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Interview with Ted Smith, Founder of Silicon Valley Toxics Coalition, Part One
Episode 1318th April 2023 • The Toxic Avengers • Daniel Rosenberg
00:00:00 01:16:37

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In this episode, we have Part One of my interview with Ted Smith, Founder and Executive Director of the Silicon Valley Toxics Coalition.  

For more than forty years, Ted has worked to clean up the extensive pollution caused by manufacturers of semi-conductors in Silicon Valley, which contains the most Superfund sites in the country.  In the wake of discovery of contaminated drinking water aquifers, the Silicon Valley Toxics Coalition successfully passed local ordinances on hazardous materials, and public right to know, which became models for state and federal laws, including the Toxics Release Inventory.  

The Coalition partnered with Environmental Justice groups in the Southwest to address the environmental and health challenges posed by the spread of the semi-conductor industry into Texas, New Mexico and Arizona.

Ted’s work, along with his wife, the renowned occupational health lawyer Amanda Hawes, has continued to expand to the international level, addressing the pollution and health harms to workers and communities across the globe. He co-founded the International Campaign for Responsible Technology and co-edited the book “Challenging the Chip: Labor Rights and Environmental Justice in the Global Electronics Industry.”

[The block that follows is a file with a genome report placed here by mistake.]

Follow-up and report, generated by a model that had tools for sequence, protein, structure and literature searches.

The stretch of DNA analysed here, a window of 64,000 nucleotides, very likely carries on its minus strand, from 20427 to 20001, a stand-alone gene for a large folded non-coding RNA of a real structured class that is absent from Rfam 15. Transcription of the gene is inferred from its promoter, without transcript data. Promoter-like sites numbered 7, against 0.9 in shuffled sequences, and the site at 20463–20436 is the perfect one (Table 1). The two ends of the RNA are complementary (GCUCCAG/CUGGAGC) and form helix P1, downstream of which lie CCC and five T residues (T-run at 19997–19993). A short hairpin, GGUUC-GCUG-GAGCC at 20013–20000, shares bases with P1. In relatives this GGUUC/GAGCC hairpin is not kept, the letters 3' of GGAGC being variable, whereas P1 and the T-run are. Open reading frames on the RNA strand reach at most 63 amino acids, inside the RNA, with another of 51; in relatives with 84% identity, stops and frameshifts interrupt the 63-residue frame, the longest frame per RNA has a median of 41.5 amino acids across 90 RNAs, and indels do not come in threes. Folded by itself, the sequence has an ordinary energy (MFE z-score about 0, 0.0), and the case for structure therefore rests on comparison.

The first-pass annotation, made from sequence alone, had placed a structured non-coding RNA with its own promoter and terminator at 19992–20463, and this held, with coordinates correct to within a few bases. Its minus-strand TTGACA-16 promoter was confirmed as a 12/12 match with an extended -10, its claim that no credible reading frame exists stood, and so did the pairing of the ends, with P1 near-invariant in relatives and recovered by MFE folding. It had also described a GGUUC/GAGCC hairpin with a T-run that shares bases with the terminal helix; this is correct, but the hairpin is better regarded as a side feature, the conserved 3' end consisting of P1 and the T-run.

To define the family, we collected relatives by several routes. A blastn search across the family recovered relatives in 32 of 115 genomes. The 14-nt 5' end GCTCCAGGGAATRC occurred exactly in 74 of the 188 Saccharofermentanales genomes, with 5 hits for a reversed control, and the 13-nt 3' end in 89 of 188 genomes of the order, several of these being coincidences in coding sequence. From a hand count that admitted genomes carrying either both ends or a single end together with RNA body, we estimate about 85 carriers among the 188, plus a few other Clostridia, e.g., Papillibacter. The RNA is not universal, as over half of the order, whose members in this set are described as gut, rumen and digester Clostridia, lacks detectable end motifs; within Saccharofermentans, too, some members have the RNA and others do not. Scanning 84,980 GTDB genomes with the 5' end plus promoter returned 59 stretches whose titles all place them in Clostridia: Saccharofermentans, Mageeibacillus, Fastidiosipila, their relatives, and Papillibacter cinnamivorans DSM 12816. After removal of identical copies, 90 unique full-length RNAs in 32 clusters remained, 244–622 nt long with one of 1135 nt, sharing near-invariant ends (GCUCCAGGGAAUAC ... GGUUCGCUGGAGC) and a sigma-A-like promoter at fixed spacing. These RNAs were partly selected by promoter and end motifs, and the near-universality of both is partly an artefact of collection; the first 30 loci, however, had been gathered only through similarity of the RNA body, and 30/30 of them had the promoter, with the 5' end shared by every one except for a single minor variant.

We began our conversation discussing the recently enacted federal legislation known as the CHIPs Act, which provides more than $50 billion dollars to promote the on-shoring of semiconductor production to the United States.  We discuss the absence of provisions in the law to ensure that new communities aren’t exposed to and harmed by pollution from the new semi-conductor plants in the U.S.

We then discuss the early part of Ted’s life, including his experiences at Wesleyan University, his time spent in Washington DC as a volunteer for the anti-poverty program Volunteers in Service to America or (VISTA). Ted describes his experiences after moving to California to attend law school at Stanford, and his work supporting cannery workers, which set the stage for his decades of toxics advocacy.

Ted Smith is both a pioneer and a giant in the anti-toxics movement. It was an honor to discuss his life and career, and I’m looking forward to sharing our conversation with you.

Here’s Part One of my interview with Ted Smith recorded last December.

$52 billion for chips, plus $200 billion for science research

NYT re Taiwanese building in Phoenix  --

The court decision in a case Ted Smith brought on behalf of farmworkers early in his career.

Mandujano v. Basic Vegetables